Whether Griego was convicted in 2007 of anything other than violating his parole or punished in any way other than by having his parole revoked is unclear because those records were not immediately available, but he finished all of his New Mexico sentences, including his probation and parole, in February 2008.

Griego moves to Billings

Days after his release from a New Mexico prison, Griego legally moved to Billings, where he has family. As required by law, he registered as a sexual and violent offender in Montana.

Montana has a different sex offender registry system than New Mexico (three tiers compared to six, respectively). Griego was not given a sex offender level here, something that can only be designated by a judge.

He was required to register as a sexual and violent offender with the Yellowstone County Sheriff’s office and provide deputies with his current address.

According to detective Jim Kamminga, Griego was in compliance with the rules of the registry.

Kamminga also said people often misunderstand how the sex offender registry works. It’s just that — a public registry with offenders’ names, mugshots, current addresses and some information about their criminal history; it’s not a system that constantly monitors sex offenders.

Any tougher monitoring of sex offenders is done through state probation and parole. Griego was never on probation or parole in Montana. Aside from being a registered offender, his movements were unrestricted.

According to court records, Griego had several traffic violations in the years and months leading up to the string of rapes he committed last year.

He was also charged in city court with misdemeanor disorderly conduct in July 2010.

At about 1:30 p.m. June 24, 2010, a woman in a changing room at The Gap store at the Rimrock Mall looked down and saw a tattooed hand holding a camera under the door.

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The woman left the dressing room and saw only one man in the store. That man, identified as Griego, who has a tattooed arm, left before police arrived.

In November 2010, city prosecutors filed a motion to dismiss the charge because they were “unable to locate the victim/witness,” who is named in charging documents.

In what may be his first documented attack on a male, Griego assaulted a man outside a bar in downtown Billings at about 1 a.m. on March 3, 2013.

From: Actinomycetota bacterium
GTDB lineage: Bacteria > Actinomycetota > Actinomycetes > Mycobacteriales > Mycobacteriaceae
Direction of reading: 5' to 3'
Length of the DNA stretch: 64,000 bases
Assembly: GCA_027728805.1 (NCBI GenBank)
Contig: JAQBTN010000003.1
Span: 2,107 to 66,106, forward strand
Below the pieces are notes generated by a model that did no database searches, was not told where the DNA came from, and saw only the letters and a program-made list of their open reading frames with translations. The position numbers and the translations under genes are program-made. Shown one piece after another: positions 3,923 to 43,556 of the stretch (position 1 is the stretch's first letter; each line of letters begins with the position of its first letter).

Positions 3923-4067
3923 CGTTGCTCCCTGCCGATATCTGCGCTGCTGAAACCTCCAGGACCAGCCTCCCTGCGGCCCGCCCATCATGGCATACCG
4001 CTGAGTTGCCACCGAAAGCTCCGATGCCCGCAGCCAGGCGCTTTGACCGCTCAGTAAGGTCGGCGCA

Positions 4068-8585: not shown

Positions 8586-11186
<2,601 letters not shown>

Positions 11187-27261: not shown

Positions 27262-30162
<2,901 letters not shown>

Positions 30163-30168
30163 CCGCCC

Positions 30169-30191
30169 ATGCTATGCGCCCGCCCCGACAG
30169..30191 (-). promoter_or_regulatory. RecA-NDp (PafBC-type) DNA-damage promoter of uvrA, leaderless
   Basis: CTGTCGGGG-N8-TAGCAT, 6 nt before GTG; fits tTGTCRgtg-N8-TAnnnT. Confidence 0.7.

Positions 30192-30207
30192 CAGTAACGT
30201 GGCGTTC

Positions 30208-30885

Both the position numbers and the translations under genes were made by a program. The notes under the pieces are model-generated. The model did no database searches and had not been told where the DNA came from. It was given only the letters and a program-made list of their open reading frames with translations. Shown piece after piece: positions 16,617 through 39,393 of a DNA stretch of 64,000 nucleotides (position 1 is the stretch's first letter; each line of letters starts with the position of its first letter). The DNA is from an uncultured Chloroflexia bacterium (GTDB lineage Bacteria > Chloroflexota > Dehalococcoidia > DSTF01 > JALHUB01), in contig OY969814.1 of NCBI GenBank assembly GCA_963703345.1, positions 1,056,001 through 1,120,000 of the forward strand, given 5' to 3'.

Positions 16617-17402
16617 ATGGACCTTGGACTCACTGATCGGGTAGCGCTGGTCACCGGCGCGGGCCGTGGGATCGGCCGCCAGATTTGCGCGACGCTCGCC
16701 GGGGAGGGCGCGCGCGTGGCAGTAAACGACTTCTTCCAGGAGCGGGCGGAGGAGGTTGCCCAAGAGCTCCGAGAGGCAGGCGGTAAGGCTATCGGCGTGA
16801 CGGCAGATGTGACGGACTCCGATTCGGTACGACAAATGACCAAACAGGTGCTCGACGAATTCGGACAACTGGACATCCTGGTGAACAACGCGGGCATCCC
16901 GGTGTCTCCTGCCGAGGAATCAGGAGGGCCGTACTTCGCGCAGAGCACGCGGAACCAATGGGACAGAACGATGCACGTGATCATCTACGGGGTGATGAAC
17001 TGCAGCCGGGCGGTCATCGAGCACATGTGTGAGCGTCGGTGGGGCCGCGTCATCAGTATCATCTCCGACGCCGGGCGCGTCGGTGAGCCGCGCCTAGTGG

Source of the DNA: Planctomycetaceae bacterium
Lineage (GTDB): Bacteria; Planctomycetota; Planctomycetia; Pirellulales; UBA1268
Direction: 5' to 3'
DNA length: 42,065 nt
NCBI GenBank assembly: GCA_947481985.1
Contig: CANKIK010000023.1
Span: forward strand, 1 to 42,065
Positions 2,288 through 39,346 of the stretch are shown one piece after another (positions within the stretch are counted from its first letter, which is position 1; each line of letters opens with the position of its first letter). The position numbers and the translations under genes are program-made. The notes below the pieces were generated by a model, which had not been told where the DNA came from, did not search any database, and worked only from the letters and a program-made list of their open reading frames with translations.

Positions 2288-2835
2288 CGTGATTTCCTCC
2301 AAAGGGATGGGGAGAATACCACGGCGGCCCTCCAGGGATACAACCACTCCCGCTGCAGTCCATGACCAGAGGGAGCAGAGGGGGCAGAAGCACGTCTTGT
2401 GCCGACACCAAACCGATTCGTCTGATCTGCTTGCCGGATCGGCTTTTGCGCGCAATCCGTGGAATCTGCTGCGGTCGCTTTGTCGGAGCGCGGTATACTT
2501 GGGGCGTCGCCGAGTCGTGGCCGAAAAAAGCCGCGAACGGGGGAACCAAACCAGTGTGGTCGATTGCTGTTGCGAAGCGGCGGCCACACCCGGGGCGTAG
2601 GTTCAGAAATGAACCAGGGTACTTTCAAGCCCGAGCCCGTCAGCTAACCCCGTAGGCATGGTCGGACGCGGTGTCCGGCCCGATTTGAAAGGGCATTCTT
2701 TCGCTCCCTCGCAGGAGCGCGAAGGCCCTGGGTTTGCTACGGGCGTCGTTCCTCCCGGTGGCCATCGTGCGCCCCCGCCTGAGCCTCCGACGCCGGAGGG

Griego and an unidentified man were fighting outside Hooligan’s, 109 N. Broadway. A third man tried to break up the fight and ended up getting repeatedly punched in the face by Griego and another man. The victim was also hit over the head with a beer bottle by an unknown attacker.

Police responded and the victim identified Griego and another suspect as his attackers. Griego later pleaded guilty to misdemeanor assault, which has a maximum sentence of six months in jail.

The assault happened between the first and second sexual assaults Griego was later convicted of committing in Billings on Jan. 27 and April 25, 2013.

But according to prosecutors, Billings police didn’t identify Griego as a suspect in the rapes until mid-July, when a Crimestoppers tip alerted investigators to a man, identified by surveillance footage as Griego, who was stalking a woman through Hobby Lobby.

On July 21, 2013, Municipal court Judge Sheila R. Kolar sentenced Griego to six months in jail, all but 28 days suspended for the misdemeanor assault he committed. Seven of those days had to be served in jail, with the remainder to be served under house arrest.

After the Crimestoppers tip, police put Griego under surveillance, covertly observing him stalking women and breaking into multiple cars to steal purses.

They obtained search warrants for Griego's house, car and cell phone. A Billings police detective extracted deleted videos and photos from Griego’s phone. The images showed the sexual assault victims, sometimes as the attacks were happening. In one video, Griego turned his phone’s recorder from one of the victims to his face.

Those images were critical in convicting Griego at his trial in April. After only a few hours of deliberation, a jury forewoman read off guilty verdicts for each of the 27 counts against Griego as he sat stone-faced in a Yellowstone County courtroom.

Based on Montana law, Griego will face a mandatory life sentence without the possibility of parole because of his prior conviction for raping Hollingsworth.

‘Things get better’

Hollingsworth plans to testify at Griego’s sentencing hearing, which is scheduled for July 25. She wants to tell Griego to his face that he didn’t ruin her life.

But it took her years of counseling and support from loved ones to find her confidence, she said.

“Right after it happened, I slept with my mom for the next, probably, two years,” Hollingsworth said. “Going to bed was a nightmare for me.”

While she still has problems — fear of the dark and being alone in wooded areas — “little by little, things get better,” she said.

In fact, Hollingsworth said that in many ways being raped brought her family closer together.

"My mom at the time hated her job and my grandmother was sick and she just said, 'That’s it; I quit and I’m taking care of my mother and staying home with Kelley and I’m going to be there every second that she needs me.'"

One of Hollingsworth's sisters left an abusive relationship and another sister became a counselor for people — both victims and offenders — affected by sexual violence.

"That is amazing that she took what happened to me and is trying to make it better," Hollingsworth said, adding that the rape also motivated her to be an overachiever.

It fueled her childhood dream of being a dentist: She is a partner in a private practice after graduating from University of New Mexico and Creighton University; it prompted her to join the military: She’s a captain and the state's chief dental officer in the New Mexico Army National Guard; and it made her want to be “the strongest female” she knows.

And she married a friend from high school, Marshall Ryals. Monday is their three-year anniversary, and they’re planning to start a family.

“For me, looking back, this was just something that I had to get through to be who I am now,” she said. “I was able to get through this, and I was able to help people, and I was able to experience this and do some good with my life.”

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City news reporter for the Billings Gazette